From the conversation on my Facebook page and in honor of the memory of Henning Mankell, writer, theater director and social justice activist. From Inna Michaeli:
"As a Jewish Israeli I would like to point out that in Israel/Palestine, Jews aren't the victim anymore. Unfortunately, we are the perpetrators. Victim is the weaker side of power relations, and in the region, it is Israel that concentrates military, political and economic power. There is nothing "safe" about being on the privileged side of an ethnically segregated system of violence and discrimination. Israel is the only place in the world where I am ashamed to be a Jew. Check out the website of Adalah for legal rights of Arab minority in Israel - they list *dozens* of laws in Israel discriminating against non-Jews. And that's even before entering the terrible everyday racism and the "truths" I heard upon immigrating as a child to Israel, like "a good Arab is a dead Arab". There is nothing safe in having your soul and the souls if your loved ones poisoned by hatred, racism and active complicity in violence, mass-killings and de-humanization of people. I also personally knew people who died - but I don't think my life worth more than that of a Palestinian woman in Gaza. But their deaths are not a big deal, the Israeli society feels it's natural that entire families are murdered. They are used to entire families dying and the israeli "we" will never remember their names. Of course some people will feel sorry from a human perspective. But there will always be justification and it will always be their fault anyways. Because we can do terrible things and victimise people for generations and still somehow claim to be the victim. But the fact that an abusive person was abused in childhood doesn't make the abuse alright."
"You Have Forgotten What It Is To Be Jews"
words of Isaac Herzog
"The issue of Arab asylum seekers is further complicated by the unresolved and politically loaded question of the fate of the Palestinianrefugees who fled or were expelled during the war over Israel’s creation in 1948 and their millions of descendants who demand the right of return to their former homes. ThePalestinian refugee issue has become one of the most intractable of the decades-long Israeli-Palestinian conflict.Israel, a state of about eight million people that was largely founded by refugees, has long been torn between the humanitarian demands of taking in non-Jews in need and its fears about maintaining its Jewish character and security in a hostile and increasingly chaotic region. It is still grappling with the presence of tens of thousands of African migrants and asylum seekers who surreptitiously crossed the border from Egypt in recent years.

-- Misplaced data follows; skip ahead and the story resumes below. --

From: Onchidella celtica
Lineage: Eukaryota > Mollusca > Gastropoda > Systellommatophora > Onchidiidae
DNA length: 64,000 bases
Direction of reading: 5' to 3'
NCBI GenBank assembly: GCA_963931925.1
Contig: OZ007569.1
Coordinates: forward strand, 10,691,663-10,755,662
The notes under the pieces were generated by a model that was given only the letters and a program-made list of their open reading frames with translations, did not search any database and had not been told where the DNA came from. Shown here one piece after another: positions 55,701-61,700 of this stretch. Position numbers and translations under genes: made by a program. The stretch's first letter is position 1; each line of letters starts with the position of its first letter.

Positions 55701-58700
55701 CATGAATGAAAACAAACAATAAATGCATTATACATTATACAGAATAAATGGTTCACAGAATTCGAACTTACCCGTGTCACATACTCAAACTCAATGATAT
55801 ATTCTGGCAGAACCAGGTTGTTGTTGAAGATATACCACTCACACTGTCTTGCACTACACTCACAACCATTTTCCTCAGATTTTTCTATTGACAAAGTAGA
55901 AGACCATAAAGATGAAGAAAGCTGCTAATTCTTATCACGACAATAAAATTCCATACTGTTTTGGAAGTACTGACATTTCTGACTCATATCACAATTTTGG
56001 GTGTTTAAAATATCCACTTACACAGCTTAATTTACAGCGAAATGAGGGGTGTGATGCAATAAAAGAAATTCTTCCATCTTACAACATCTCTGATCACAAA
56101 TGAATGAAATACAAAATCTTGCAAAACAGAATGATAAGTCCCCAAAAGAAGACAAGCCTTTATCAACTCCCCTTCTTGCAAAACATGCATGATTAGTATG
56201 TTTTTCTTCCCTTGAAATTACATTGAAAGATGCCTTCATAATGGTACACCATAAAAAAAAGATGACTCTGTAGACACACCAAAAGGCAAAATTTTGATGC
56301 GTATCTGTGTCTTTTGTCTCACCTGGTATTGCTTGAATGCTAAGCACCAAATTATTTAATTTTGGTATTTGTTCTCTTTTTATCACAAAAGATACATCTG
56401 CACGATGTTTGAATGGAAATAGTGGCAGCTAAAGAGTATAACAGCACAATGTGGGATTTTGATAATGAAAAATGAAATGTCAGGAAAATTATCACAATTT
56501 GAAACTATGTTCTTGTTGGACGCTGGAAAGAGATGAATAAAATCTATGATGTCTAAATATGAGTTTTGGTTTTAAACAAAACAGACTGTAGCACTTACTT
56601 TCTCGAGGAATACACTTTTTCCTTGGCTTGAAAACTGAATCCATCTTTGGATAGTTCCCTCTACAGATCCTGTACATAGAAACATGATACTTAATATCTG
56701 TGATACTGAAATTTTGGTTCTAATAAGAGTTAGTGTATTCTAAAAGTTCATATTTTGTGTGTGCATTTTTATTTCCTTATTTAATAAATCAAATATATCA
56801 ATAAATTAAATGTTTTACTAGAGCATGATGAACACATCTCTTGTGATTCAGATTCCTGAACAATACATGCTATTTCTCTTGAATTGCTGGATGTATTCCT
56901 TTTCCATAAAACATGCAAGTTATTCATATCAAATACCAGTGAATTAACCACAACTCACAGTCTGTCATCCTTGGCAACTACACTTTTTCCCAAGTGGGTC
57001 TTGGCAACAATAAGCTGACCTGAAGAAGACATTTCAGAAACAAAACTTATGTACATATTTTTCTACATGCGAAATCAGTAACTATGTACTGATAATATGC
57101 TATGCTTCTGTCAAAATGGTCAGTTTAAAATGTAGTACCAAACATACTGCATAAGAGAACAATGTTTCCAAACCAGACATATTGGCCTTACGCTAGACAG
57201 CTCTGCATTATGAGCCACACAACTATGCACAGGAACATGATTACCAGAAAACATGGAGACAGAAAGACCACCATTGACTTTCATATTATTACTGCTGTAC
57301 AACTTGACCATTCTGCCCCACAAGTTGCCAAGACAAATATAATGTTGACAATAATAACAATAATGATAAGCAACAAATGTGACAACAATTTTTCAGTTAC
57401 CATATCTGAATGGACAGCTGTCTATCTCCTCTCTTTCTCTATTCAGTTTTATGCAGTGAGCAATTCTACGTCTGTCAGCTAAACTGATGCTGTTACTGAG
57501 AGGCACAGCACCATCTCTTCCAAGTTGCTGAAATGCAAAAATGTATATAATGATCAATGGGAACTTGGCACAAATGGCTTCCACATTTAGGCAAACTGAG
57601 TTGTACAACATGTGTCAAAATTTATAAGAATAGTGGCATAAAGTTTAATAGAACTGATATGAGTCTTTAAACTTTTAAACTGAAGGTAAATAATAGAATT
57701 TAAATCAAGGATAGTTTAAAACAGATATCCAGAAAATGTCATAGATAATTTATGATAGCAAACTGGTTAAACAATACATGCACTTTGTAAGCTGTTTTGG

President Mahmoud Abbas of the Palestinian Authority on Saturday instructed the Palestinian ambassador to the United Nations to act to bring Palestinian refugees now fleeing the war in Syria to the Israeli-occupied West Bank.
The presidency has asked the United Nations, the European Union and other players to press Israel to allow Palestinian refugees in, according to Wafa, the official Palestinian news agency. The Palestinian Authority exercises limited self-rule in some areas of the West Bank, but Israel controls the borders and entry points to the territory.
In broadcast remarks at the start of the weekly cabinet meeting on Sunday, Mr. Netanyahu said, “Israel is not indifferent to the human tragedy of the refugees from Syria and Africa. We have already devotedly cared for approximately 1,000 wounded people from the fighting in Syria, and we have helped them to rehabilitate their lives.”
But he added, “We must control our borders, against both illegal migrants and terrorism.”
Mr. Herzog replied to his critics with a post on Facebook on Sunday, writing, “You have forgotten what it is to be Jews. Refugees. Persecuted.” Calling again for Israel to take in a limited number of refugees who would be vetted, he added that Mr. Begin “must be turning in his grave.”
The African migrants and asylum seekers already in Israel are in a kind of legal limbo. Most are from Sudan and Eritrea, and are afforded blanket protection from deportation in line with international conventions. But Israel has granted only a very few of those who have applied official status as refugees, and their future remains uncertain.
Israel has mostly halted the influx of Africans across the border from Egypt over the last couple of years, in large part by completing construction of a 150-mile, 16-foot-tall steel border fence stretching from the southern resort town of Eilat to Gaza.
Having also built security fences on its frontiers with Lebanon and Syria, through parts of the occupied West Bank and along the border with Gaza, Israel now says it is moving ahead with a previously announced plan to build a fence along the border with Jordan. Although Jordan and Israel have signed a peace treaty and that border has long been calm, Israel fears that it could become a vulnerable entry point for illegal migration and hostile infiltrations.
Mr. Netanyahu said Israel would start by building the fence along a roughly 18-mile stretch from Eilat to Timna, where an airport is under construction.
“We are not waiting,” he said. “To the extent that it is possible we will encompass Israel’s borders with a security fence and barriers.”"